The relationship between major depressive disorder (MDD) and bipolar disorder (BD) remains controversial. Previous research has reported differences and similarities in risk factors for MDD and BD, such as predisposing personality traits. For example, high neuroticism is related to both disorders, whereas openness to experience is specific for BD. This study examined the genetic association between personality and MDD and BD by applying polygenic scores for neuroticism, extraversion, openness to experience, agreeableness and conscientiousness to both disorders...
2011: Translational Psychiatry
A Terracciano, T Esko, A R Sutin, M H M de Moor, O Meirelles, G Zhu, T Tanaka, I Giegling, T Nutile, A Realo, J Allik, N K Hansell, M J Wright, G W Montgomery, G Willemsen, J-J Hottenga, M Friedl, D Ruggiero, R Sorice, S Sanna, A Cannas, K Räikkönen, E Widen, A Palotie, J G Eriksson, F Cucca, R F Krueger, J Lahti, M Luciano, J W Smoller, C M van Duijn, G R Abecasis, D I Boomsma, M Ciullo, P T Costa, L Ferrucci, N G Martin, A Metspalu, D Rujescu, D Schlessinger, M Uda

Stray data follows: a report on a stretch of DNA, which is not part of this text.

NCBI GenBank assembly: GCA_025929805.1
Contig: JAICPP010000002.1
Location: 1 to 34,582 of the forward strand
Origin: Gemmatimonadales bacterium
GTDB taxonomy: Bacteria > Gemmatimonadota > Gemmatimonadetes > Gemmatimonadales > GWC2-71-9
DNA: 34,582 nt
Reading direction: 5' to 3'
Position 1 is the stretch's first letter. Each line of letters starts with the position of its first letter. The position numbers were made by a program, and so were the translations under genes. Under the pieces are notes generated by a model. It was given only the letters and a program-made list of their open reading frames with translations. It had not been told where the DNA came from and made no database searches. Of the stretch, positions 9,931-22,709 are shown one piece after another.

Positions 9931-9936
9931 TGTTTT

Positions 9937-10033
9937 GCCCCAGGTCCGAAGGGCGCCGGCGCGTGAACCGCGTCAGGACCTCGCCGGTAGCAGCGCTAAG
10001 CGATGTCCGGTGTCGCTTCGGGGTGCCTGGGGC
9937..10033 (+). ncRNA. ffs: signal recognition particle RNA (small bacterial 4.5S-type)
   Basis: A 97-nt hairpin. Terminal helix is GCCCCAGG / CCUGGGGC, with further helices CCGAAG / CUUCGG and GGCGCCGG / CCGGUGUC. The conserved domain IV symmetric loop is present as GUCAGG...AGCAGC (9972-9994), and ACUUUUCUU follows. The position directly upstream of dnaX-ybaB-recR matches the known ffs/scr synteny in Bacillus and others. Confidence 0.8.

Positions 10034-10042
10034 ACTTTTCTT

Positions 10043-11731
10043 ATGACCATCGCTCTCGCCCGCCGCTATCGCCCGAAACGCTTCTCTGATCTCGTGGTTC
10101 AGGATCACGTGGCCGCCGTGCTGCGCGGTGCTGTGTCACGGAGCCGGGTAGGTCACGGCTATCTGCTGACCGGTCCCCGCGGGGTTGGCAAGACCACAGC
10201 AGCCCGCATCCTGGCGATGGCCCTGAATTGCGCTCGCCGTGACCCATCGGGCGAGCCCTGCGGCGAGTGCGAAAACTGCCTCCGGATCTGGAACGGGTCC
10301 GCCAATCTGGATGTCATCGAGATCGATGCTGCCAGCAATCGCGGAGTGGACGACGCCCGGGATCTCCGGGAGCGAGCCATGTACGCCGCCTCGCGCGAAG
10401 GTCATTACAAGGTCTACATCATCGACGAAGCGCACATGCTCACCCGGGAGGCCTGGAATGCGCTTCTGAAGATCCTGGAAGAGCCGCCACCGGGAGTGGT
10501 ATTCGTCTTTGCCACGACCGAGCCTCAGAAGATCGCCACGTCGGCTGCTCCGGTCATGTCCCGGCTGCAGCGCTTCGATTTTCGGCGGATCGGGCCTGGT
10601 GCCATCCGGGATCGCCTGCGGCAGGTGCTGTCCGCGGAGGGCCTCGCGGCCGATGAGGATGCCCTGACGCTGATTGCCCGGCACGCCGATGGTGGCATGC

The tendency to seek stimulating activities and intense sensations define excitement-seeking, a personality trait akin to some aspects of sensation-seeking. This trait is a central feature of extraversion and is a component of the multifaceted impulsivity construct. Those who score high on measures of excitement-seeking are more likely to smoke, use other drugs, gamble, drive recklessly, have unsafe/unprotected sex and engage in other risky behaviors of clinical and social relevance. To identify common genetic variants associated with the Excitement-Seeking scale of the Revised NEO Personality Inventory, we performed genome-wide association studies in six samples of European ancestry (N=7860), and combined the results in a meta-analysis...